Nitrates are the substances that are added to meat products in order to give them a pink or red colour to preserve them. Unfortunately they can trigger migraines / headaches in particularly sensitive people. Nitrates are found in many sausages, chipolata, chorizo, hot dogs, salami and cooked meats such as corned beef. If you find that these trigger then avoid processed meats that are coloured red, instead try cold cuts of beef, chicken or turkey. Don’t forget to include the fish in your diet.

Lactose may be a trigger that can cause severe headaches. This occurs when the digestive system is deficient in an enzyme called lactase which breaks down lactose found in dairy products for example cream, milk, butter, yogurt, cheese and ice-cream. For many people all that needs to be done is to avoid having too many foods that are high in lactose. You need to be careful that you don’t compromise your calcium status by cutting out dairy products. Consult your own doctor if you are concerned.

Research has displayed results that the metabolism of people who suffer from migraines is slightly different from those who don’t suffer and it seems that foods that are high in copper can cause problems. These foods include shellfish, nuts, chocolate and wheatgerm found in wholemeal bread and other wholewheat products, however you would need to eat quite a lot of these coppery foods before a problem occurred. Rather than completely removing these foods from your diet just reduce the amounts you have.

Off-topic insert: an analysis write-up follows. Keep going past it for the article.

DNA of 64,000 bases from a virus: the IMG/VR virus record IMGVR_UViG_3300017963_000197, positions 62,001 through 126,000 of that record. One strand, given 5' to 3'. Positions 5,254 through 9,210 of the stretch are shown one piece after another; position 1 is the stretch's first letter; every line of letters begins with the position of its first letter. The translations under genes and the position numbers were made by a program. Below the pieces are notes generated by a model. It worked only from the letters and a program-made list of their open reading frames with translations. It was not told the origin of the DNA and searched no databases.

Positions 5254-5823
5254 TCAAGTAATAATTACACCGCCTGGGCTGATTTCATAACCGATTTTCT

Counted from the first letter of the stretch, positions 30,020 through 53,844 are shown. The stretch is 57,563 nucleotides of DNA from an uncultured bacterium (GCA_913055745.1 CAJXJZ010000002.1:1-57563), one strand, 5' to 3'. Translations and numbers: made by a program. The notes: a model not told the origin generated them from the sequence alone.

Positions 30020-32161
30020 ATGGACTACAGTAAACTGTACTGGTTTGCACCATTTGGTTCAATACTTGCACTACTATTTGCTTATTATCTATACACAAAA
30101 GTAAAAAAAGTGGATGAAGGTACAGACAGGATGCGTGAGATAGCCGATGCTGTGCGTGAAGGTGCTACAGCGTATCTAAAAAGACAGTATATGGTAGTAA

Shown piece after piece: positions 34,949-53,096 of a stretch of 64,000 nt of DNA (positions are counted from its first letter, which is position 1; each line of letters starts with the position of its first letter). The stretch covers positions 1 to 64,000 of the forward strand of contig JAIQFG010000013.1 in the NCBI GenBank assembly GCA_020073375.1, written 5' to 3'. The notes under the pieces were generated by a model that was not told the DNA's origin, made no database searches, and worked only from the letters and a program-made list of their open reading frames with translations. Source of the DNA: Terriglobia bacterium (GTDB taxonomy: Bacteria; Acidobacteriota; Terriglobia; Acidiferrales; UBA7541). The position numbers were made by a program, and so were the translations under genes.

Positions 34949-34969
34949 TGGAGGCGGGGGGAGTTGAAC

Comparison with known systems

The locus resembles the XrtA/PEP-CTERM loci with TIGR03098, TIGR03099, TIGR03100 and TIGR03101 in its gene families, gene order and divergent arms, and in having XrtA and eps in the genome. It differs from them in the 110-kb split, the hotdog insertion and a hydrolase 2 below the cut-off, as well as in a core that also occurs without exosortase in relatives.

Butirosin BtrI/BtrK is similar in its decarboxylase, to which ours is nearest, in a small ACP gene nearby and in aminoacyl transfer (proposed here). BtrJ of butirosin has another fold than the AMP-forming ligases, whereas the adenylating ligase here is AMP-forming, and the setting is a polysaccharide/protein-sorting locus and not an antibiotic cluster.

Sleep is also very a important part of your health schedule, irregular sleep patterns can often contribute to migraines. Over sleeping at weekends can induce migraines as much as under sleeping due to stress. Try to get the same regular amount of sleep each night.

General Advice

Keep a diary of what you are eating and what you are doing to find out if there are any triggers. Some trigger foods can cause a migraine or headache within 20 minutes of eating it, whereas a stressful meeting wouldn’t cause a migraine for a few hours.

Body weight – try to keep your weight within the ideal range for your height. Bring overweight can adversely affect your blood pressure and this heightens the potential for migraines headaches.

Water – are you dehydrated? Dehydration commonly brings on both a headache and poor concentration.